There is something about travelling that brings with it an element of the mundane. I’m talking about that glazed eyes feeling one begins to emit after an hour or two in the car so that even when faced with the incredible beauty of a pass like the Piekenierskloof, which marks the entrance to the Cederberg and Olifants River Valley (isn’t it slightly freaky the way the river flows the wrong way?), and which wends its way down to the town of Citrusdal, you remain slightly impervious.
To call the Piekenierskloof Pass, which links Piketberg with Citrusdal on the N7, stunning is to do it a disservice. In reality it is a series of rather daunting twists and turns that overlook a patchwork quilt of multi-coloured farm fields, beautiful blue mountain ranges in the distance. In days gone by there weren’t any wheat fields down below one, and most of what you see would have been Renosterveld.
It is the type of pass that makes you glad to be alive and which renews your passion for a country filled with breathtaking moments. It serves as the dividing line between the Swartland and the valley of the Olifants River, and must have been one mission to build.
Photographs – Left: Steve with our Mebos / Right: Hebron’s Coffee Shop
But our story begins on the crest of the Piekenierskloof Pass. At a place called Hebron. It comes highly recommended. It is well rated amongst those in the know. Which isn’t usually enough to promote a stop anywhere, but on this occasion we managed to find our way without any untoward impediment (a major achievement with a four-year old on the back seat) and there was enough peace and goodwill in the car not to prove something of a contagion to those we might meet at the stall.
It didn’t take long with our snooping around the pretty area of the Hebron farm stall, called Tant Dollie after the old stall that was on the farm when they moved here, for Steve to come out to greet us. Steve and his wife, Caro (and their four children), live on Hebron – the farm stall, coffee shop and guesthouse. It’s actually a working farm too, and we stand chatting close to some macadamia nut trees, and seriously pretty buildings that make up the farm stall – the coffee shop and something that is in the throws of being built. A foreman sits taking a welcome break in the shade. This, we later learn, will be the new self-catering bungalow with views out over the Piekenierskloof Mountains.
Steve is entertaining. We stopped intent only on sampling the wares of the stall, but we find that we remain far longer, swopping notes with the chef, baker, dad and entrepreneur who has managed to turn his mother-in-law’s farm into a wonderful country break at the top of a hill. Steve not only bakes his own bread, he also conjures up sausages, smoked chorizo and salamis, and the farms jams and marmalades from their own fruit. He comes to greet us in his apron – there is a huge vat thing to one side of the coffee shop stoep that testifies to major preserve production – but he says he has yet to use this gargantuan machine and must return it to the neighbour from whom it is borrowed.
Photographs – Left: The pretty verandah / Right: The inner courtyard
A large chalk board on the exterior wall of the coffee shop regrets that it cannot accept credit cards, that it is closed on Sundays and Mondays, but that you are very welcome to Hebron where you can eat breakfast until noon – including homemade granola and yoghurt, homemade waffles, almond and vanilla shortbread, and rooibos and cranberry scones with whipped cream (all at seriously reasonable prices, may I add) – a wonderful combination of sandwiches on exotic breads like sourdough bruschetta and toasted focaccia, salads, one or two lunch dishes that include dishes like soup of the day and smoked snoek croquettes with a green salad grown in the garden, and something extra for kids to enjoy. Pity we’ve only just had breakfast…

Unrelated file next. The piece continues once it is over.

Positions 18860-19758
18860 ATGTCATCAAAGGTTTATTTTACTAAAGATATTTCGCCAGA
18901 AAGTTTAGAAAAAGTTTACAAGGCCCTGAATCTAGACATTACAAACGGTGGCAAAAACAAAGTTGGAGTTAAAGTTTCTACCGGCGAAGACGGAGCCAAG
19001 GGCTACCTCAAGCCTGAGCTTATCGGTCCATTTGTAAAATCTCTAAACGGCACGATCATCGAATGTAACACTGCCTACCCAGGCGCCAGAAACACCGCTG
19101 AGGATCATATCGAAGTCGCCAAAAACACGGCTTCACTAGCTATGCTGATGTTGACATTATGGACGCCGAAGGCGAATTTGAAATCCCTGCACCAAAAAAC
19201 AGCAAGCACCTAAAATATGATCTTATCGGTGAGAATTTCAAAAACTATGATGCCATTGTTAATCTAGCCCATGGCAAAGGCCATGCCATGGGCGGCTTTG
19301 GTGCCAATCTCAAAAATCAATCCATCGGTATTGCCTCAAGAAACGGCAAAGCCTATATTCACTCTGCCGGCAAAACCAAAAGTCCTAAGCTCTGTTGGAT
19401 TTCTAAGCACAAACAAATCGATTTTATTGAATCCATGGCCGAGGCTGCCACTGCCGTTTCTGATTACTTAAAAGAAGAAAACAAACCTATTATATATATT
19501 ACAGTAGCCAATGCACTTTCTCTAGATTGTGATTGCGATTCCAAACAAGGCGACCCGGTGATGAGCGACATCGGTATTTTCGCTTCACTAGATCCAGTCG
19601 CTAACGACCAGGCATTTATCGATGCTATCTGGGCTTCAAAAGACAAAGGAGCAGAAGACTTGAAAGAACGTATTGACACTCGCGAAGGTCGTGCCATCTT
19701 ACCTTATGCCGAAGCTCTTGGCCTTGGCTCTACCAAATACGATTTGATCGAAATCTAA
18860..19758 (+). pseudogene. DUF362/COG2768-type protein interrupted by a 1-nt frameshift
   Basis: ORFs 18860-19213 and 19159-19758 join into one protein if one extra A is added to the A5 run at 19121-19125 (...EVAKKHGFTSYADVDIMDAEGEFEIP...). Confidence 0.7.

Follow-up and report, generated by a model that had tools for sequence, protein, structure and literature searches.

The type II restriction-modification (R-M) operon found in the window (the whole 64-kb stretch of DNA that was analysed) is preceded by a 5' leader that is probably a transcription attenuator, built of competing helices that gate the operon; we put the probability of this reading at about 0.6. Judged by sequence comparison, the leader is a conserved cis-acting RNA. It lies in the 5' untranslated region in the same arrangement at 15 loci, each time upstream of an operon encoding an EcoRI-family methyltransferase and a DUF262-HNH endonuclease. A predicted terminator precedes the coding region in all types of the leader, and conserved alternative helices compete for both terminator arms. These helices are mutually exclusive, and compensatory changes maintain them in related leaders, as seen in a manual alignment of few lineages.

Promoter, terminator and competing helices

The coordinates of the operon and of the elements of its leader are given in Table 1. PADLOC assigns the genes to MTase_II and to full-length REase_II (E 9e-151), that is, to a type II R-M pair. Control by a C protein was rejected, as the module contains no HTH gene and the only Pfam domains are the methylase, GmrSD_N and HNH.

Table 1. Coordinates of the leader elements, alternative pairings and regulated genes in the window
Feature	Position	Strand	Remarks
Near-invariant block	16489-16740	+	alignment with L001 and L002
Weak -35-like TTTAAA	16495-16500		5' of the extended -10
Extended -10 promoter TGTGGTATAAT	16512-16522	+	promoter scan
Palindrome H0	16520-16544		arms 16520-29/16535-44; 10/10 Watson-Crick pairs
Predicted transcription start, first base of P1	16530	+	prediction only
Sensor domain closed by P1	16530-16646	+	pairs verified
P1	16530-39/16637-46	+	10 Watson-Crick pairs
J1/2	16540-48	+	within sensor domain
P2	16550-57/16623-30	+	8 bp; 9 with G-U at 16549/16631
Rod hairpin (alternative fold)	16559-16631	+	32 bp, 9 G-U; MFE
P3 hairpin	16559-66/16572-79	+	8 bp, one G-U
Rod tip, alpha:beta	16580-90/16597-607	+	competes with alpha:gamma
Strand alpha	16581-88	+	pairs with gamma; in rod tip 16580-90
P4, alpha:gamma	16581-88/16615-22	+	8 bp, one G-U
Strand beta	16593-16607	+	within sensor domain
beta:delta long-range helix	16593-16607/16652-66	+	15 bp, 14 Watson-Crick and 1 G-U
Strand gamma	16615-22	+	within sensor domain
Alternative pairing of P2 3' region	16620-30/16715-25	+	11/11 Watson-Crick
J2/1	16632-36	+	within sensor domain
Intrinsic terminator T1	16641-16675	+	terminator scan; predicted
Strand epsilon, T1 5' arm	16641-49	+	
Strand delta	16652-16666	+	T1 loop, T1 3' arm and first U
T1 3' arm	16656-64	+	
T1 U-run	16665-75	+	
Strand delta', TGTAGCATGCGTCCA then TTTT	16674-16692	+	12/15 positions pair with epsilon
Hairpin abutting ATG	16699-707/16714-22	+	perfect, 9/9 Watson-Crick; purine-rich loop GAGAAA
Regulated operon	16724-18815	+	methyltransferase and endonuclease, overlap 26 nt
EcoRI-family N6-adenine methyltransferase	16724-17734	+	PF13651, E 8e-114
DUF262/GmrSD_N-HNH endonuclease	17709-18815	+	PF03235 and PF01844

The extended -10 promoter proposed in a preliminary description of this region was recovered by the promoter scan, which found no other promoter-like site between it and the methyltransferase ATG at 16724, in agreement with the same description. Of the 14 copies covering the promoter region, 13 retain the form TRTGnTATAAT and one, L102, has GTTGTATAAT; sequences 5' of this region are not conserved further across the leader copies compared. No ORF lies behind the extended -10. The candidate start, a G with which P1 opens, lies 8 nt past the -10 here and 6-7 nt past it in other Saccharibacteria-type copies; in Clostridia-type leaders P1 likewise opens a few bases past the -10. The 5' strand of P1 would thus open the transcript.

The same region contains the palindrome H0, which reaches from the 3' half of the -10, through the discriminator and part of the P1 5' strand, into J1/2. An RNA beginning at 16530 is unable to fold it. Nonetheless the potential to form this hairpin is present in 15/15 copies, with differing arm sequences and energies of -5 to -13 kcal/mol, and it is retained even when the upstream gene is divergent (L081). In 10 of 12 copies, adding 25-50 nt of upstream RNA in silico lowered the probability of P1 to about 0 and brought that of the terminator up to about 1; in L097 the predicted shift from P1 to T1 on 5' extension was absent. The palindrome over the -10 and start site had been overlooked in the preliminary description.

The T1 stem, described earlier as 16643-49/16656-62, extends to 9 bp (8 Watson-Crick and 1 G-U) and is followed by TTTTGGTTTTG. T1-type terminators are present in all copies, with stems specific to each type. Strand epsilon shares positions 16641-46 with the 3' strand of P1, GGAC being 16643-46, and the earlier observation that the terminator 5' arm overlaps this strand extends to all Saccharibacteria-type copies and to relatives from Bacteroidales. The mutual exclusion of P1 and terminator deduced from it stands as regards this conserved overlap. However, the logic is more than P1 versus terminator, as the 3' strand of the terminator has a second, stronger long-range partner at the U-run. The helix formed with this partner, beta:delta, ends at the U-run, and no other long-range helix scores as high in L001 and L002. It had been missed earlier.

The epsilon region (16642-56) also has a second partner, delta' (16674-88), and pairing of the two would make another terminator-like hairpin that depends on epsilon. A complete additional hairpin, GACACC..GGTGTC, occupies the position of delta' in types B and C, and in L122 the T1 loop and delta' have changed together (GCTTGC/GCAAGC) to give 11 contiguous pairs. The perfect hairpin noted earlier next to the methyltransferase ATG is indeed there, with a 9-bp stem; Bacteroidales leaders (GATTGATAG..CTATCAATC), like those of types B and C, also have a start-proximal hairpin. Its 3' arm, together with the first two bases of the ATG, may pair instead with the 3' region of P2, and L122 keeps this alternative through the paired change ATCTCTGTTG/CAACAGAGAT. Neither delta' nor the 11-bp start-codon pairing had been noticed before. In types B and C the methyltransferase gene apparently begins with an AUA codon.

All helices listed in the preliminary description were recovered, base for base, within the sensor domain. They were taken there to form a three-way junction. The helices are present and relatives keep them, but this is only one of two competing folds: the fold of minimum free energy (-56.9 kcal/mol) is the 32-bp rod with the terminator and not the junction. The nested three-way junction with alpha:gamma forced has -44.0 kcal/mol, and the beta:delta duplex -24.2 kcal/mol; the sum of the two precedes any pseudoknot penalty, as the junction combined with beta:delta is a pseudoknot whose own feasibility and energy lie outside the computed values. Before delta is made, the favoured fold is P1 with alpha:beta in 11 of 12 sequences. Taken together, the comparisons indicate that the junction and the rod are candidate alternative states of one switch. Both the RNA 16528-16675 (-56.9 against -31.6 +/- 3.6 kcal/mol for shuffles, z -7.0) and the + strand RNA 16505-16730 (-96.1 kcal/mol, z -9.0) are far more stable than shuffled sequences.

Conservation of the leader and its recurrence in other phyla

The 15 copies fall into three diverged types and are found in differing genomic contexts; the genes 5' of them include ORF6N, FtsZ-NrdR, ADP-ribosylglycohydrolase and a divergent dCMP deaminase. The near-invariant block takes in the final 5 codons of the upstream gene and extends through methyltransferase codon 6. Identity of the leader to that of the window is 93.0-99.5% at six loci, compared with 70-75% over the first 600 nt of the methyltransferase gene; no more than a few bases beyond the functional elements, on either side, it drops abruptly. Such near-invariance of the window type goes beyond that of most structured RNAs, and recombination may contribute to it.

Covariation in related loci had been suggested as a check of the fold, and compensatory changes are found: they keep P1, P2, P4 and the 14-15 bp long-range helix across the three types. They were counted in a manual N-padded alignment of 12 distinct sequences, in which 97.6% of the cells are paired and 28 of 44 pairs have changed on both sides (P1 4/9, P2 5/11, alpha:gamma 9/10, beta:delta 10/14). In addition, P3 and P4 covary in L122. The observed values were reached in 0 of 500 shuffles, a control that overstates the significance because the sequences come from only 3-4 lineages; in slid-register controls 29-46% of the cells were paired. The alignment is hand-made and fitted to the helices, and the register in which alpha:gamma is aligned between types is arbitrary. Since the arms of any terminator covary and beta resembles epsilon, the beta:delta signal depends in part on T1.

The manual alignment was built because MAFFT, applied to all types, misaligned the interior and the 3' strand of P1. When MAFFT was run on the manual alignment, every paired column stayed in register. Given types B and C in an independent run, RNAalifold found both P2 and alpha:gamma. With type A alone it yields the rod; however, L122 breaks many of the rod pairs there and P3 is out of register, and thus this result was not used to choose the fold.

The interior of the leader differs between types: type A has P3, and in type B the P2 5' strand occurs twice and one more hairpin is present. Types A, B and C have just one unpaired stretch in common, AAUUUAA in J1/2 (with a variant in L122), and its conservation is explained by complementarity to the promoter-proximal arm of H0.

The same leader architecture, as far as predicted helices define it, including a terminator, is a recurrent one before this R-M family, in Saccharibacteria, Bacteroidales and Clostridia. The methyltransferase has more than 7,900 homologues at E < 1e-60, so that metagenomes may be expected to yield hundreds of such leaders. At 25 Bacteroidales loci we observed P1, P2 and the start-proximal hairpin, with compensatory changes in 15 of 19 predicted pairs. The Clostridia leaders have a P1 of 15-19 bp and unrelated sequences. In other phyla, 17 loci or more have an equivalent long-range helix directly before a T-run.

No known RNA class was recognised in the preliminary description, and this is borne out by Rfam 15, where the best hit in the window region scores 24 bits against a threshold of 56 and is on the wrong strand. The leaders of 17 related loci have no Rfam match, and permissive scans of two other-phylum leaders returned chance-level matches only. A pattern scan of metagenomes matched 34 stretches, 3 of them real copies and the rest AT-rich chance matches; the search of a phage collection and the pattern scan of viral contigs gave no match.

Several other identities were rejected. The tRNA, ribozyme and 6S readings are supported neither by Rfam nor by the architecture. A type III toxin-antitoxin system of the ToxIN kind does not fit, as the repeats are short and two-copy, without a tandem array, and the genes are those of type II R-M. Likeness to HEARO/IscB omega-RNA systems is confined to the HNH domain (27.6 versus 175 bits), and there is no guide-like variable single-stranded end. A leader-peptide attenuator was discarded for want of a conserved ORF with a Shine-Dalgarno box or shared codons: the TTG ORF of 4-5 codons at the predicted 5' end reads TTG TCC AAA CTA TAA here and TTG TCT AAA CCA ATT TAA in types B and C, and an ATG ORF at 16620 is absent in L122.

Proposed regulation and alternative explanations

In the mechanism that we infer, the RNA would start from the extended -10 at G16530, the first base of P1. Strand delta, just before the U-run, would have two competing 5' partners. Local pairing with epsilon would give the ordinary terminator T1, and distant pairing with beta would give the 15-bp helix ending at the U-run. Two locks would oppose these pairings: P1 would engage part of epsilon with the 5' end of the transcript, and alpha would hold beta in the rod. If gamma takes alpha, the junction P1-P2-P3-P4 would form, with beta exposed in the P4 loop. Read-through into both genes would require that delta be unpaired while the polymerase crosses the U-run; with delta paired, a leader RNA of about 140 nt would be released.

Steve gets to talking about the six guest rooms he has here, hidden around the corner of the coffee shop (which also has a lovely interior perfect for colder days, decorated with a few nooks and crannies filled with wooden tables and chairs) and cuts us a slip from the macadamia nut tree – we’re hoping it will grow back in Cape Town; wishful thinking, no doubt.
I take a wander round the back to sneak a look a that the rooms around the pretty verandah, dripping in what looks like young wisteria vines, three of which overlook the Sneeuberg Mountain and Citrusdal valley. The other three rooms share a lovely secluded courtyard, the shade of which is provided by fig trees. And there’s a swimming pool out front, complete with deck and loungers. There is more than a suggestion of the other Hebron that nestles on the southern West Bank of Jerusalem here, and I now understand the reason for the name.
Photographs – Left: Hebron’s farmstall / Right: Inside the coffee shop
One of the rooms is self-catering, and room six, which is detached from the main building, not only features its own free-standing Victorian bath but also makes for a wonderful honeymoon suite; Hebron provides a ‘honeymoon service’ for the room – think roses, champagne, candles and chocolates.
My son has now taken a serious shine to Steve’s daughter, Emily, who has wandered away from her brothers and sister to see what is keeping dad – there are important things for him to do, like keep the peace whilst the boys fight over tadpoles, and swing her upside down.
It is time to leave. We’re on the road to Paternoster, and Steve quickly outlines an alternative and certainly prettier route via Eendekuil and the R365. Just as well as the N7 appears to have a series of road works just past the turn off to Eendekuil – ah, the satisfaction of knowing you have plan B ahead of the game.
But before we pile into the car, Steve nips into the farm stall and brings us a bottle of mebos to sample, on the house. It’s our first attempt at this specialty and we later enjoy it thoroughly with bread and cheese.